Clackamas Water Environment Services (WES) Inflow and Infiltration Reduction Program

By Jessica Rinner, Civil Engineering Supervisor, Clackamas Water Environment Services.

Additional water in the wastewater system may seem like a minor concern, but this extra or clean water can cause big problems for homeowners, cities, service districts and the environment. Sanitary sewers are sized appropriately to the population they serve.  There are two primary ways extra water gets into a collection system: Inflow and Infiltration (I/I).

Inflow and Infiltration diagram
Image caption: Inflow and Infiltration diagram


Inflow is surface water or rainwater that enters the wastewater system from yard, roof, and footing drains, from cross-connections with storm drains and downspouts, and through holes in manhole covers.  Inflow typically enters a sewer system as soon as the rainfall starts, and is the easiest extra water to remove or stop from entering the sewer system.


Infiltration is groundwater that enters sewer pipes through holes, breaks, joint failures, connection failures and other openings.  Infiltration usually takes longer to find its way into a sewer system and continues to enter the system while the groundwater is elevated or the rainfall is percolating down through the soil.  It is also more expensive to fix the defects that allow infiltration into a sewer system.

Where I/I comes from, a gusher at a storm water pipe joint
Where I/I comes from, a gusher at a storm water pipe joint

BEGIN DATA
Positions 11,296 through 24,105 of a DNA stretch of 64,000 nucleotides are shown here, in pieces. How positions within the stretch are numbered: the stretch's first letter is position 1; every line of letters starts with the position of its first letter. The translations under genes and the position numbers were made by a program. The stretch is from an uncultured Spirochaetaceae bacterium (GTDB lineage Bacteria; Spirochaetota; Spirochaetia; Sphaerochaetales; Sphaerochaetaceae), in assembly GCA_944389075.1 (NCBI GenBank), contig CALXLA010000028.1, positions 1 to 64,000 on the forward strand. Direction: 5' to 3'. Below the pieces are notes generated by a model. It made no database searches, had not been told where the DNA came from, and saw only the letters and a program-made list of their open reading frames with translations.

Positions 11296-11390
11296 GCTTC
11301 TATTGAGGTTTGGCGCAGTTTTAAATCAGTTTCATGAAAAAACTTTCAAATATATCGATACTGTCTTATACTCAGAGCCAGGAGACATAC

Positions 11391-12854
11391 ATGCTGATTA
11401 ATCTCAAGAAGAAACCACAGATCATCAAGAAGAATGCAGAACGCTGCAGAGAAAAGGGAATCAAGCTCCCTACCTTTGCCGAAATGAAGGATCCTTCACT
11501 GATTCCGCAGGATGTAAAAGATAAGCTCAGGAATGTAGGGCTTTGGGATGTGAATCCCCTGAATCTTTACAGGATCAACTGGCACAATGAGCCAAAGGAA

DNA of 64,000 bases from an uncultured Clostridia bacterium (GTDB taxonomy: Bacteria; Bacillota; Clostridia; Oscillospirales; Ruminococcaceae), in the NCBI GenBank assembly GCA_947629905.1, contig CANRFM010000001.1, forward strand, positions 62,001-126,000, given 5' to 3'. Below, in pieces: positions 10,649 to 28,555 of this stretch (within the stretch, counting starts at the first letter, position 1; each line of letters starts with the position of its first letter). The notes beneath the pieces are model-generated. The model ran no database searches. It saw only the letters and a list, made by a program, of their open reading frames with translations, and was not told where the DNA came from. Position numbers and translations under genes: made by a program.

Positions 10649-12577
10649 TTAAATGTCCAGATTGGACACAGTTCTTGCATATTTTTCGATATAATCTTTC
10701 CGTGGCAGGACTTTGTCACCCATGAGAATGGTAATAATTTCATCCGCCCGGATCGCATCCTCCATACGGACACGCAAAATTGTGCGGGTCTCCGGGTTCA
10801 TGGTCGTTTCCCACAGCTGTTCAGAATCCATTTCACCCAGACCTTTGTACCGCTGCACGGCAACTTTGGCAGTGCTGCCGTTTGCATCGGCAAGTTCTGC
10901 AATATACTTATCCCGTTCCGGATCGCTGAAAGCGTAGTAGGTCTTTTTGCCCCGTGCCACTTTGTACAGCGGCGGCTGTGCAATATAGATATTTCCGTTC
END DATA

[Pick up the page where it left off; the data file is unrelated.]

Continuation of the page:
Extra water in the sewer system is a problem because it:

  • Takes up capacity in the sewer pipes and ends up at the water resource recovery facilities, where it must be treated like sewage, resulting in higher treatment costs.
  • Requires new and larger water resource recovery facilities and collection systems to transport and treat the extra water, resulting in higher capital expenditures.
  • Contributes to sewer system overflows into the region’s waterways, negatively impacting public health and the environment.

Reducing I/I in key basins by 2040 would save approximately $120 million in the upgrades and expansion necessary in the collection system to transport and treat the extra water. Reducing I/I will also reduce the chances of sewer overflows.

It is very expensive to prevent all extra water from entering a sewer system, but on the flip side, there is a tipping point where the cost to remove the excessive extra water from the sewer system is cheaper than the cost of increasing the size of the sewer system to transport and treat it.

Water Environment Services inspecting storm water pipes
Image caption: Water Environment Services inspecting storm water pipes

Tackling the problem

WES is teaming up with our partner cities that own and maintain their own sewer pipes, which deliver wastewater to WES’ treatment facilities to reduce I/I. WES has committed to provide 33% of the funding for projects to help solve this regional issue. We’re pleased to report we have an I/I Reduction Agreement in place with all of the cities in the WES service area.

Learn more about I/I reduction projects at

Clackamas Water Environment Services produces clean water, protects water quality and recovers renewable resources. We do this by providing wastewater services, stormwater management, and environmental education. It’s our job to protect public health and support the vitality of our communities, natural environment, and economy.

Clean Water for all.

Related Post